Sitting posture in Thai tradition

General discussion of issues related to Theravada Meditation, e.g. meditation postures, developing a regular sitting practice, skillfully relating to difficulties and hindrances, etc.
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bodom
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Sitting posture in Thai tradition

Postby bodom » Thu Feb 05, 2009 9:47 pm

Is it ok to use a meditation bench in the Thai Buddhist tradition? From what i have seen sitting on the floor cross legged with right leg on top of left is the standard posture for men and is what is recommended. Do thai's use meditation benches? At my local Wat all the thai's sit on the floor with a thin mat and i have yet to see a bench being used. I have trouble sitting past 40 minutes cross legged on the floor but can sit for much longer on a bench. I think i have circulation problems as my leg falls asleep everytime. Im thinking of using a bench when sitting for long periods and sitting cross legged for shorter periods or should i just get used to sitting cross legged? Thanks!

:namaste:
Last edited by bodom on Fri Feb 06, 2009 2:30 pm, edited 1 time in total.
The heart of the path is SO simple. No need for long explanations. Give up clinging to love and hate, just rest with things as they are. That is all I do in my own practice. Do not try to become anything. Do not make yourself into anything. Do not be a meditator. Do not become enlightened. When you sit, let it be. When you walk, let it be. Grasp at nothing. Resist nothing. Of course, there are dozens of meditation techniques to develop samadhi and many kinds of vipassana. But it all comes back to this - just let it all be. Step over here where it is cool, out of the battle. - Ajahn Chah

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Re: sitting posture in Thai tradition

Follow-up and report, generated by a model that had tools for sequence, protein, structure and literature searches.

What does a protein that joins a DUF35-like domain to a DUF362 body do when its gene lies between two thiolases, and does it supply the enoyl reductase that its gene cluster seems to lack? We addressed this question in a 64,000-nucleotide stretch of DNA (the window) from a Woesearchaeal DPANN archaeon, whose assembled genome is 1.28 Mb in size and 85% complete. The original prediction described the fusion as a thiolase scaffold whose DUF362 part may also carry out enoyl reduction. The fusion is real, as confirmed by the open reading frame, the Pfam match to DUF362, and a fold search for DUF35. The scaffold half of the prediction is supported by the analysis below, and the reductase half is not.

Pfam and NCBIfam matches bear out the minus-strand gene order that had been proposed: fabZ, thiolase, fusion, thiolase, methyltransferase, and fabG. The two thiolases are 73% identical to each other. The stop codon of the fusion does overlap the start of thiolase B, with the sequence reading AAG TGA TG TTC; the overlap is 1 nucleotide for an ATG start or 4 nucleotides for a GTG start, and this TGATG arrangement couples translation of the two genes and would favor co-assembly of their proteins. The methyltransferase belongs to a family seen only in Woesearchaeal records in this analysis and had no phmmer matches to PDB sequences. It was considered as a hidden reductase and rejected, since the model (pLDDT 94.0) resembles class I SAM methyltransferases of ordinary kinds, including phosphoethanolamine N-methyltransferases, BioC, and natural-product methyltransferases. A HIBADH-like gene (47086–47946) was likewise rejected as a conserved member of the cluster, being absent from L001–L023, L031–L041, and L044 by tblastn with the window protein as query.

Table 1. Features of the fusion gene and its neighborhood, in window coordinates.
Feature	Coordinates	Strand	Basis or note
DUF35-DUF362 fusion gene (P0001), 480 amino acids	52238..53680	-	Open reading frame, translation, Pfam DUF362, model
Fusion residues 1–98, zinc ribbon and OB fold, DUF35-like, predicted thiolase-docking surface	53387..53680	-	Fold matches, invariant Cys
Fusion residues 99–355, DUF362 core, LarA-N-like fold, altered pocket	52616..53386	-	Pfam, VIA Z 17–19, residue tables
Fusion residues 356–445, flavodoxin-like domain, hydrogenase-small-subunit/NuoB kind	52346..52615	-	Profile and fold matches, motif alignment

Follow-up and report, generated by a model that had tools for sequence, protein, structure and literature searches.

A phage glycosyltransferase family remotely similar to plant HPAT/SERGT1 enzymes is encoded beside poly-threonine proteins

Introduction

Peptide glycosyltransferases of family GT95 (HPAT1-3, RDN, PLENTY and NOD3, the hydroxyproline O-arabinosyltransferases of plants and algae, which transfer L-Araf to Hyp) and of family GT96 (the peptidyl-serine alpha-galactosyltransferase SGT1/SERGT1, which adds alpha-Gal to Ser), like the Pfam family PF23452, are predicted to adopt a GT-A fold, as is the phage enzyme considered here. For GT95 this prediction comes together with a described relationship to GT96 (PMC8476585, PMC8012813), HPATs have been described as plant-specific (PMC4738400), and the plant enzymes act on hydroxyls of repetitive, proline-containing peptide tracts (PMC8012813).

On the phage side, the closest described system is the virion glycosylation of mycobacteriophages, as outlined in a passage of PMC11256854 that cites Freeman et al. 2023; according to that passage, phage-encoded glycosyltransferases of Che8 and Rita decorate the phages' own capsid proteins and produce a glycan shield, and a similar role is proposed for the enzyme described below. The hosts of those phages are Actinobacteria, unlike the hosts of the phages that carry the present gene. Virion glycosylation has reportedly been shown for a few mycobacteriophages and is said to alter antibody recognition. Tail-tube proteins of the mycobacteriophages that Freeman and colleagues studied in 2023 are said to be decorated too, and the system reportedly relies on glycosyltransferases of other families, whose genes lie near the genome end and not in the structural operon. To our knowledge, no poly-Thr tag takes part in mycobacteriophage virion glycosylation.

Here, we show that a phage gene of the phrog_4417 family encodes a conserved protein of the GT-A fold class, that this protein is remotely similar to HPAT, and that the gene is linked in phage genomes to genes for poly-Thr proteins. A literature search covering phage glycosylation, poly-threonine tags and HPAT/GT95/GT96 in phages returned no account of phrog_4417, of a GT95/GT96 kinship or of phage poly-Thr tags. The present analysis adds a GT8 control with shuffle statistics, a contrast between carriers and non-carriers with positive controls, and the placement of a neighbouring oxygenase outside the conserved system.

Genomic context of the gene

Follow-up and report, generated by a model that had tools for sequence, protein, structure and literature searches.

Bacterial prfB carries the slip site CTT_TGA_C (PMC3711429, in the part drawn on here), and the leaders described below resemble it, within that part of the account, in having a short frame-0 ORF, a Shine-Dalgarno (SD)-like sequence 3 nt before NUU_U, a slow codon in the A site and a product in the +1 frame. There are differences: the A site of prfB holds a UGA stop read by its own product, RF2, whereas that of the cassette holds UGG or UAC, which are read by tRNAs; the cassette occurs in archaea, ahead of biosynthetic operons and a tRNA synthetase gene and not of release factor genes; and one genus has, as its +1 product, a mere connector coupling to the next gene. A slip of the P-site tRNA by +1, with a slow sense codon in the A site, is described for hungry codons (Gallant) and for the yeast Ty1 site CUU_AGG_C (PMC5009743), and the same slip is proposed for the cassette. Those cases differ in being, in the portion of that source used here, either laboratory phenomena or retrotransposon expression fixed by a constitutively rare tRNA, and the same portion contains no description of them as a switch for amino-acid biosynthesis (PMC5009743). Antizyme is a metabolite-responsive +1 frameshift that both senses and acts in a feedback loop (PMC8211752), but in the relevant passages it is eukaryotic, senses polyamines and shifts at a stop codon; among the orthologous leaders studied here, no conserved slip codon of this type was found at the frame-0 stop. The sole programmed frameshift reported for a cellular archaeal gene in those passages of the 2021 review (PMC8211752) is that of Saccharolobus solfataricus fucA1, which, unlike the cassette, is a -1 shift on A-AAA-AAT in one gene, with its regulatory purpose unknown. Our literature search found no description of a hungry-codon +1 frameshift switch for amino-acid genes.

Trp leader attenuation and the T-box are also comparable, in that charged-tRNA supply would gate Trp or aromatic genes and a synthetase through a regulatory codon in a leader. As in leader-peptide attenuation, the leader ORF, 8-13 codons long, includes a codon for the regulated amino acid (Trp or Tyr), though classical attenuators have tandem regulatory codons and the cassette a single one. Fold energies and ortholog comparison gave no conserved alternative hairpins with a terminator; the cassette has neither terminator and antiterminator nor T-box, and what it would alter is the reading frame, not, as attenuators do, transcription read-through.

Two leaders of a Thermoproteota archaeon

Postby clw_uk » Thu Feb 05, 2009 10:08 pm

Just use whatever is best for you, if a bench means you can sit longer then use it. I used to think I must sit a certain way and would force myself even though it was quite uncomfortable but then I started to try a few different positions before finding the right one (burmese position).

Remember it is important what you do with your mind in mediation, not so much the body.

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“The Great Way is not difficult for those who have no preferences. When love and hate are both absent, everything becomes clear and undisguised." Verses on the Faith Mind, Sengcan

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Re: sitting posture in Thai tradition

Postby mikenz66 » Thu Feb 05, 2009 10:17 pm

Hi BBB,

I wouldn't worry about it. Thai people have often spent a lot of time sitting on the ground like that, so they are used to it. Do whatever you need to do to be able to sit. Personally I use some hard cushions. For me, the important thing is stability. A retired (non-Thai) meditator I know laments that he now has to use a bench, due to knee problems, and he finds it less satisfactory than a cushion.

I've heard several Western monks warn that they wrecked their knees sitting for long periods on concrete floors when they went to Thailand, so whatever you do, don't do anything to damage yourself...

Mike

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Re: sitting posture in Thai tradition

Postby Cittasanto » Fri Feb 06, 2009 8:31 am

the monestary I go to in Warwick is in the thai Forest Tradition and they have no problem with the use of cussions or benches there
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Re: sitting posture in Thai tradition